The probability of impaction is proportional to:

image (37.2)

where θ is the change in airways direction, V is air stream velocity and r is the airway’s radius. Vt is the terminal settling velocity (see Eqn 37.3).

Gravitational sedimentation

From Stokes’ Law, particles settling under gravity will attain a constant terminal settling velocity, Vt:

image (37.3)

where ρ is particle density, g is the gravitational constant, d is particle diameter and η is air viscosity.

Thus, gravitational sedimentation of an inhaled particle is dependent on its size and density, in addition to its residence time in the airways. Sedimentation is an important deposition mechanism for particles in the size range 0.5–3 µm, in the small airways and alveoli, for particles that have escaped deposition by impaction.

Brownian diffusion

Collision and bombardment of small particles by molecules in the respiratory tract produce Brownian motion. The resultant movement of particles from high to low concentrations causes them to move from the aerosol cloud to the airways’ walls. Diffusion is inversely proportional to particle size. It is the predominant mechanism for particles smaller than 0.5 µm, with the rate of diffusion, given by the Stokes-Einstein equation:

image (37.4)

where D is the diffusion coefficient, kB is the Boltzmann’s constant, T is the absolute temperature, η is viscosity and d is particle diameter.

Other mechanisms of deposition

Although impaction, sedimentation and diffusion are the most important mechanisms for drug deposition in the respiratory tract, other mechanisms may occur. These include interception, whereby particles having extreme shapes, such as fibres, physically catch on to the airways’ walls as they pass through the respiratory tract, and electrostatic attraction, whereby an electrostatic charge on a particle induces an opposing charge on the walls of the respiratory tract, resulting in attraction between particle and walls.

Effect of particle size on deposition mechanism

Different deposition mechanisms are important for different sized particles. Those greater than 5 µm will deposit predominantly by inertial impaction in the upper airways. Particles sized between 1 and 5 µm deposit predominantly by gravitational sedimentation in the lower airways, especially during slow, deep breathing and particles less than 1 µm deposit by Brownian diffusion in the stagnant air of the lower airways. Particles of approximately 0.5 µm are inefficiently deposited, being too large for effective deposition by Brownian diffusion and too small for effective impaction or sedimentation, and they are often quickly exhaled. This size of minimum deposition should thus be considered during formulation, although for the reasons of environmental humidity discussed previously, the equilibrium diameter in the airways may be significantly larger than the original particle size in the formulation.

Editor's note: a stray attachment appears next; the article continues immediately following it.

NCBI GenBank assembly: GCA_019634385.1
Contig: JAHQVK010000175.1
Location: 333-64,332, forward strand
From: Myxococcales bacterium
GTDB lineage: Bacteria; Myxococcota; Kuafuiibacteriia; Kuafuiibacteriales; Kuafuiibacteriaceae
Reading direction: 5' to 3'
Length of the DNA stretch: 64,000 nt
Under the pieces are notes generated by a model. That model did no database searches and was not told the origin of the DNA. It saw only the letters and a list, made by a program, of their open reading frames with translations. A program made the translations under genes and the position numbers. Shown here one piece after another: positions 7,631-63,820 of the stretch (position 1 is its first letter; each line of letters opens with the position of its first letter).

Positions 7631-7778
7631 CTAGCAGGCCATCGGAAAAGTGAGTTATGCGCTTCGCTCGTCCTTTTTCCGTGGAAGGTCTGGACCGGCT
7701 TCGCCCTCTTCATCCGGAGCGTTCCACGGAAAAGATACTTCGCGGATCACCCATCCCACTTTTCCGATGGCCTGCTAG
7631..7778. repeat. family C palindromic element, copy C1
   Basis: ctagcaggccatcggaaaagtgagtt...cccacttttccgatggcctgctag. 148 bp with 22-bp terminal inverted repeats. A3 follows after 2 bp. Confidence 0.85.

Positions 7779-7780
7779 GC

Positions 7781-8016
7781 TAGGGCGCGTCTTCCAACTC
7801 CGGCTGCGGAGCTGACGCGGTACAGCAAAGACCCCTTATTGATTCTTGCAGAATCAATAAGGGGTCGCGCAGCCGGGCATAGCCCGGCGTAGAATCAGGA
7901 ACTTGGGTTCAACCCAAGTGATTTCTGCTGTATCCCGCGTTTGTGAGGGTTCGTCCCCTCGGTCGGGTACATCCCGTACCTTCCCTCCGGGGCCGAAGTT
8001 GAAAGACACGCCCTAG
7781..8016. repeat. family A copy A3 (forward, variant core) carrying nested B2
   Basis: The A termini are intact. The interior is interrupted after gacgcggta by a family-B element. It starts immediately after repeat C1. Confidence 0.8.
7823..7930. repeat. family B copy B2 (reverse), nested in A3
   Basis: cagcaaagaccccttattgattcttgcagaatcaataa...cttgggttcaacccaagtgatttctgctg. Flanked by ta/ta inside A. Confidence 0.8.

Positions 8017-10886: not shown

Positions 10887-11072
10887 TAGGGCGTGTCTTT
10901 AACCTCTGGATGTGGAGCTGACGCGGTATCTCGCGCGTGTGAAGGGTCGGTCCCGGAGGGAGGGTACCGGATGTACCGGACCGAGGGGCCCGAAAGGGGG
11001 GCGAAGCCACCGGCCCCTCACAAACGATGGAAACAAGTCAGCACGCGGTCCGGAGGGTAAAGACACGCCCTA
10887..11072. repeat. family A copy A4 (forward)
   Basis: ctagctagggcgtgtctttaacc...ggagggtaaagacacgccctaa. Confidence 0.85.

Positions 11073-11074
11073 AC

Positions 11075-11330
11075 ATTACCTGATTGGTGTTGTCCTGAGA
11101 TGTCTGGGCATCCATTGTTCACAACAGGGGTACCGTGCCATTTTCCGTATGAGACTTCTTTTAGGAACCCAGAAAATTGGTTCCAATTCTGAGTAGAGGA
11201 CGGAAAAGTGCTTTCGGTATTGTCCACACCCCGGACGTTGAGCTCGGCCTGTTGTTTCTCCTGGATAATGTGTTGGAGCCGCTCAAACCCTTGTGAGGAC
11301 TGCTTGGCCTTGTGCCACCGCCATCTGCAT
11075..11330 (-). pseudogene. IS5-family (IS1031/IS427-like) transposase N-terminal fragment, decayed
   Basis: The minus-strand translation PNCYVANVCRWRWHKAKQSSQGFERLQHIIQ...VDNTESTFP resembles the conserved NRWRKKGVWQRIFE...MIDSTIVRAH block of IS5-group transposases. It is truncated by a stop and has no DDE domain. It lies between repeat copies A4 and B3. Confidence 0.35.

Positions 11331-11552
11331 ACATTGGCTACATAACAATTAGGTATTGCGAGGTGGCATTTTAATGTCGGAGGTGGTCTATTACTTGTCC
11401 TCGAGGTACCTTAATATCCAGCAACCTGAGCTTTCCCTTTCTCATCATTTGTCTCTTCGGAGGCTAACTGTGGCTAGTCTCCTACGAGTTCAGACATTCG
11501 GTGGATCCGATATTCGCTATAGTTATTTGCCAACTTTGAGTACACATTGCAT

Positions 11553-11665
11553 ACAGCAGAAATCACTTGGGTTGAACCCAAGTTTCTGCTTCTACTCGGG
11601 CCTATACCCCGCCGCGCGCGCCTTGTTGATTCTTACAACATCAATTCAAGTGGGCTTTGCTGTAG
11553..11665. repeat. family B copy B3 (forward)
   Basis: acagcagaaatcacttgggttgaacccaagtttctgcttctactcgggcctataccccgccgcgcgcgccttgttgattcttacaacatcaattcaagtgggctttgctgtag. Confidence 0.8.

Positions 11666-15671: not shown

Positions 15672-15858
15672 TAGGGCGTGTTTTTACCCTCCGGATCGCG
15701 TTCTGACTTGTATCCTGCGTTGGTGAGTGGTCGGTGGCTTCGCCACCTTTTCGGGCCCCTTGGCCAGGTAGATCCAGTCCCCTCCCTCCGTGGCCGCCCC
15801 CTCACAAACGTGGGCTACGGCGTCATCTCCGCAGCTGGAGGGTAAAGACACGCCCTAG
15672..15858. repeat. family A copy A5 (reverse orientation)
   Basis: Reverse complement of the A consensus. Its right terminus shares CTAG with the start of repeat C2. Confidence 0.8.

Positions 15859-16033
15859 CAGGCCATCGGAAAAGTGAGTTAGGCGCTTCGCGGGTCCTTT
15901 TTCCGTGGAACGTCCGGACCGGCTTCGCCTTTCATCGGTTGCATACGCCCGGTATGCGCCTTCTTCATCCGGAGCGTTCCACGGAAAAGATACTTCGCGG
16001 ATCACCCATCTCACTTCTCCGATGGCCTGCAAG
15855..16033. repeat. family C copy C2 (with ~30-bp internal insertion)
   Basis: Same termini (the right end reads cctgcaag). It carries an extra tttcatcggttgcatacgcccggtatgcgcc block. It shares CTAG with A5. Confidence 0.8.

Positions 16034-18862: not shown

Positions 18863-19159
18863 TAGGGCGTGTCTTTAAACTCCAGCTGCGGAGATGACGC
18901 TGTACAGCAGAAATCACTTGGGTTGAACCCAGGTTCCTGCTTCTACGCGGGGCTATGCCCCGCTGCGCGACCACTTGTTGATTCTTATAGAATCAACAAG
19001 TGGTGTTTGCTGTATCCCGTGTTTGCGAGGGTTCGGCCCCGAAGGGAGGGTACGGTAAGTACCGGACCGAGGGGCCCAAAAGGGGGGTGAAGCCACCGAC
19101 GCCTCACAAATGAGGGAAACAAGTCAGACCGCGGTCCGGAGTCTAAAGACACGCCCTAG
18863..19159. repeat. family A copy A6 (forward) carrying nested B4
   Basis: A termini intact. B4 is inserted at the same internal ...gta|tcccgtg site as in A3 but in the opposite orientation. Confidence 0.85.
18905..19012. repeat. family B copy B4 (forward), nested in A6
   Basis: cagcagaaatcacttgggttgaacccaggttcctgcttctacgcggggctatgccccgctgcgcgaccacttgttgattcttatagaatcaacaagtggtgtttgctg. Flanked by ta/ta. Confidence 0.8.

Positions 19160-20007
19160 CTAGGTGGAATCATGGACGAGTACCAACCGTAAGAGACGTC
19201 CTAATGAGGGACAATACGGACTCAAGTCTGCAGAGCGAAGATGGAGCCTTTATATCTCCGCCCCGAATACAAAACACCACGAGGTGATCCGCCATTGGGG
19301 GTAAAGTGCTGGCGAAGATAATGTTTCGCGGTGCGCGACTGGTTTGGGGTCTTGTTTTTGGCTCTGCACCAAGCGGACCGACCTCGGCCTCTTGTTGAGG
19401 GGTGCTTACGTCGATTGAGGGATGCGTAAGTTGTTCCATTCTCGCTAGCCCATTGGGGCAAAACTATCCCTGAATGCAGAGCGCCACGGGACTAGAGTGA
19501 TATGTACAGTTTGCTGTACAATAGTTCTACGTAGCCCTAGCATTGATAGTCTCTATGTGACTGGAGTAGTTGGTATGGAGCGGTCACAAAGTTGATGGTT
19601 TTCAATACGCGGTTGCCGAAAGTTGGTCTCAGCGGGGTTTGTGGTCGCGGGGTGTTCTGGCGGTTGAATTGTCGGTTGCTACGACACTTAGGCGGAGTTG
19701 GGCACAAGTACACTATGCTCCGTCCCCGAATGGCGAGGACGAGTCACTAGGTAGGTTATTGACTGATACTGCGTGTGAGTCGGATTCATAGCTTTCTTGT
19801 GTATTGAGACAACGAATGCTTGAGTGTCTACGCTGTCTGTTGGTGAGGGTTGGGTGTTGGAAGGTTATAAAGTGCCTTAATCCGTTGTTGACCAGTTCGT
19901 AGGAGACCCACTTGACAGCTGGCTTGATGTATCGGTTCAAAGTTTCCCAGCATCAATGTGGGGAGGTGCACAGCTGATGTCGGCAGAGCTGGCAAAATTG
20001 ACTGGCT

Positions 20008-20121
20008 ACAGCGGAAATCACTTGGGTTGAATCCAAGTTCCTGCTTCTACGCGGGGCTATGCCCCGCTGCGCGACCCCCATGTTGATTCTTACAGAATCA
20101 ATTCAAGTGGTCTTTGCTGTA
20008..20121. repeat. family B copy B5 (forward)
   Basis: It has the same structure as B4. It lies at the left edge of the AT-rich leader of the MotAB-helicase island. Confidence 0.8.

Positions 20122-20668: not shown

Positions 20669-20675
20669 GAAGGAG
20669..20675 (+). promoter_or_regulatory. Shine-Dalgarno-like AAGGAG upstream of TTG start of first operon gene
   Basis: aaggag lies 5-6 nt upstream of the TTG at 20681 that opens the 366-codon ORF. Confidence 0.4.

Breathing patterns

Patient-dependent factors, such as breathing patterns, lung physiology and the presence of pulmonary disease also affect particle deposition. For instance, the larger the inhaled volume, the greater the peripheral distribution of particles in the lung, whilst increasing inhalation flow rate enhances deposition in the larger airways by inertial impaction. Breath-holding after inhalation increases the deposition of particles by sedimentation and diffusion. Optimal aerosol deposition occurs with slow, deep inhalations to total lung capacity, followed by breath-holding prior to exhalation. It should be noted that changes in the airways resulting from disease states, for instance airways’ obstruction, may affect the deposition profile of an inhaled aerosol.

Clearance of inhaled particles and drug absorption

Particles deposited in the ciliated conducting airways are cleared by mucociliary clearance within 24 hours and are ultimately swallowed. The composition of mucus and the process of mucociliary clearance are discussed in Chapter 38. Insoluble particles penetrating to the alveolar regions, and which are not solubilized in situ, are removed more slowly. Alveolar macrophages engulf such particles and may then migrate to the bottom of the mucociliary escalator, or alternatively may be removed via the lymphatics. The clearance of particle-loaded macrophages occurs over a period of days or weeks.